Short Review for Springpad App

12 Jun

For the past month or so, I have been using the Springpad app to keep up with articles, pictures, and notes important to my writing.  It’s very easy to use, free, comes packed with just enough features and is accessible from anywhere. I’m always making notes and finding articles, so the app is very useful in keeping me organized.

One of the best features, in my opinion, is the ability to make several different notebooks. I have one for each book/story I’m working on, one for future ideas and one for miscellaneous articles I find across the web that are interesting or necessary for later. In my book-related notebooks I clip research articles and googled pictures of my characters and settings. I even leave notes for myself on various ideas for plot and world development. That is okay because I can also keep my notebooks private, which means I’m the only one reading them.

One thing that I feel mixed about is that everything saved to Springpad is kept online. This is a pro and a con. The pro is that, with your notebooks online, you’re not taking up space with hundreds of pics and articles on your computer. You’re also able to access your information from any computer (or phone, but the phone app isn’t as good) in the world through apps. The con is that you MUST have an internet connection in order to see your notebooks. You can’t get to them offline.

Another con that has popped up happened when I signed up. I signed up to Springpad through my Google account. Now I have to sign in through Google every time because I don’t have a login otherwise. This isn’t really so problematic, but it’s annoying and something I’d have liked to been warned about.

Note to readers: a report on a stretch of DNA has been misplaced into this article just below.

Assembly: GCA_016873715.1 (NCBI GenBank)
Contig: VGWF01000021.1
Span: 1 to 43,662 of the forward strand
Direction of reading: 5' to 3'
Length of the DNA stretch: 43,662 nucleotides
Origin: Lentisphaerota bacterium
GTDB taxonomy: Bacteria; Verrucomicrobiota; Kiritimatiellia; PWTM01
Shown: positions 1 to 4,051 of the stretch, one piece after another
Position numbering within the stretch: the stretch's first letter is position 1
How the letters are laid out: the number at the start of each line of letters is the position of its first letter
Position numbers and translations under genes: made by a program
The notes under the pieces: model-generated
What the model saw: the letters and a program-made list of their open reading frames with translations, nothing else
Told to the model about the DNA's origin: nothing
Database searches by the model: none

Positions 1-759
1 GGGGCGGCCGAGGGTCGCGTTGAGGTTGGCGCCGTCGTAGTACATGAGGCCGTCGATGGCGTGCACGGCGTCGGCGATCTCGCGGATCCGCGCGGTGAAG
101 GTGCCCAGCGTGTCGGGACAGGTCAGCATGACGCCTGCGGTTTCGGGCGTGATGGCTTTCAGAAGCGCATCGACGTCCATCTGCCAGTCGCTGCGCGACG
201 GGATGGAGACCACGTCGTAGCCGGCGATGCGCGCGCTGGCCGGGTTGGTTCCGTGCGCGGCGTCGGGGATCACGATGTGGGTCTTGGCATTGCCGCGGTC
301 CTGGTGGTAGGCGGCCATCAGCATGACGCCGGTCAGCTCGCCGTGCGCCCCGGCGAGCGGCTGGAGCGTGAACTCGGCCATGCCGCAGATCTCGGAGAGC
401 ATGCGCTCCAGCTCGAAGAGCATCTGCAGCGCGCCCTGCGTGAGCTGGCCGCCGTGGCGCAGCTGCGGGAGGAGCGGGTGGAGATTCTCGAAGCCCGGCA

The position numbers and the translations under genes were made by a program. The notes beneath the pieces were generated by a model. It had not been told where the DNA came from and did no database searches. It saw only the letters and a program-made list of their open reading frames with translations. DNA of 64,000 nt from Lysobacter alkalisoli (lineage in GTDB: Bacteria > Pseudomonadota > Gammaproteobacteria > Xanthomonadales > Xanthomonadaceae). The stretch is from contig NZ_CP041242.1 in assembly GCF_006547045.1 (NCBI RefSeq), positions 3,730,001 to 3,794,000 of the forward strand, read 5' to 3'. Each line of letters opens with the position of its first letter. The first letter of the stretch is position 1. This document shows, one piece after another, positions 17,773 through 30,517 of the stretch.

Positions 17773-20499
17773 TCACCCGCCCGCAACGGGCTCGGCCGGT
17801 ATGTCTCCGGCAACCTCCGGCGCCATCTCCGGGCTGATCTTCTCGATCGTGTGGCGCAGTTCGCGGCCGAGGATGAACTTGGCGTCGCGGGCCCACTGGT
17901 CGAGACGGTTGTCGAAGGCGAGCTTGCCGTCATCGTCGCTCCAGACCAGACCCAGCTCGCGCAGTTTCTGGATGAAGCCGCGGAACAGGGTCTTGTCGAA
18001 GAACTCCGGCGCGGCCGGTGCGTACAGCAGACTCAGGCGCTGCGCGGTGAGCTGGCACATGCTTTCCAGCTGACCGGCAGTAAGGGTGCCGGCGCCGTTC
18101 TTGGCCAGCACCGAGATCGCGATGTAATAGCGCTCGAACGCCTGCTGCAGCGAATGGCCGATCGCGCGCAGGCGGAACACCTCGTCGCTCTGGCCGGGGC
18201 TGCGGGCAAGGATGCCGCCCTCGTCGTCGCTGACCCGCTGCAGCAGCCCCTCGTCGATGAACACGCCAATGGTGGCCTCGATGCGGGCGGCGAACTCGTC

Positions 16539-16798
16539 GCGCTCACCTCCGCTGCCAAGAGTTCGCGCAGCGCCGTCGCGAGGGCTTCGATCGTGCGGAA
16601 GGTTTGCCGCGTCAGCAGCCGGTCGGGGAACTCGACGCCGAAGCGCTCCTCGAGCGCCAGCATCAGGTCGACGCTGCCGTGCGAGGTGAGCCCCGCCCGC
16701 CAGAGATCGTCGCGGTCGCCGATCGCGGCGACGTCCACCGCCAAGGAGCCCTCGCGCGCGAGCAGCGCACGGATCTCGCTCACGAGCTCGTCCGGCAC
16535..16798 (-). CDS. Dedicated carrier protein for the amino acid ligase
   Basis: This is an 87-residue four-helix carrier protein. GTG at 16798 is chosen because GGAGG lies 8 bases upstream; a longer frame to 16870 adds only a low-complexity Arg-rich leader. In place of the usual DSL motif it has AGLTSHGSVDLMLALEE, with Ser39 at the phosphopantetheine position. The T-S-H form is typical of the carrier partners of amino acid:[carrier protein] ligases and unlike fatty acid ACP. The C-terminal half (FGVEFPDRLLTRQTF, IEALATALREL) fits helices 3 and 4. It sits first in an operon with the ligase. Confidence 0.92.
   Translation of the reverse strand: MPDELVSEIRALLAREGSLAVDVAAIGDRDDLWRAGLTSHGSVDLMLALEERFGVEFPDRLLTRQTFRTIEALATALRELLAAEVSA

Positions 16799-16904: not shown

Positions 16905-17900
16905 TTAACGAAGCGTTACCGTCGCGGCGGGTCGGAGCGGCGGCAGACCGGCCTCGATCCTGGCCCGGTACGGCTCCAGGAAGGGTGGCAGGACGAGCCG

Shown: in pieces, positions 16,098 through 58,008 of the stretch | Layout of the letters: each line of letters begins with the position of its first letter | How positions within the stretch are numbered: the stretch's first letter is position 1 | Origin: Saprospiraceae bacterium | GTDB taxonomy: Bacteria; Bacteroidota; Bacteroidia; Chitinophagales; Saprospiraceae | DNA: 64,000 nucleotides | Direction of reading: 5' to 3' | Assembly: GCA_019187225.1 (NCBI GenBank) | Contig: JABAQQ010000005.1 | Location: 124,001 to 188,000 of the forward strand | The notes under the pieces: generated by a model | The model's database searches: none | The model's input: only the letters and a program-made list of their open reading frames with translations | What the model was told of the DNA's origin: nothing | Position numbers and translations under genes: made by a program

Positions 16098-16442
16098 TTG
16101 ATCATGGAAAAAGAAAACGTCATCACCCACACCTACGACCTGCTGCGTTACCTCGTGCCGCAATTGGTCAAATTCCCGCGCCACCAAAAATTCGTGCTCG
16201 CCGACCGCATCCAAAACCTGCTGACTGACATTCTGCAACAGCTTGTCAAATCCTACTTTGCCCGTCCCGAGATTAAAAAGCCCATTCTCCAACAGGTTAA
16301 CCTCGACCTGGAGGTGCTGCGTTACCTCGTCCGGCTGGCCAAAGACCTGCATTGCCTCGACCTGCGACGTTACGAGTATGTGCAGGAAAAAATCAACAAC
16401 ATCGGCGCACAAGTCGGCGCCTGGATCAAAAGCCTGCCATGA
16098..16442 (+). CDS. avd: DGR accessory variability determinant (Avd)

My favorite feature of Springpad is the app’s extension. It is a button that allows me to save webpages to my Springpad with two clicks. One click opens Springpad so I can choose what notebook to save to, and another click saves it. Very fast.

I love Springpad so far and am really pleased with it. It’s wonderful for a free program. I can’t say whether it’s the best or not because I haven’t worked with any others yet. I hear that Evernote is good, too. I’d really like to try Scrivener next, though, because it works on your computer. I understand, however, that you get a free trial and then you have to buy it if you want it. Many, many people say it’s their number one tool so it seems like it’s worth a try, at least. Will keep you updated.


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easy reading is damn hard writing

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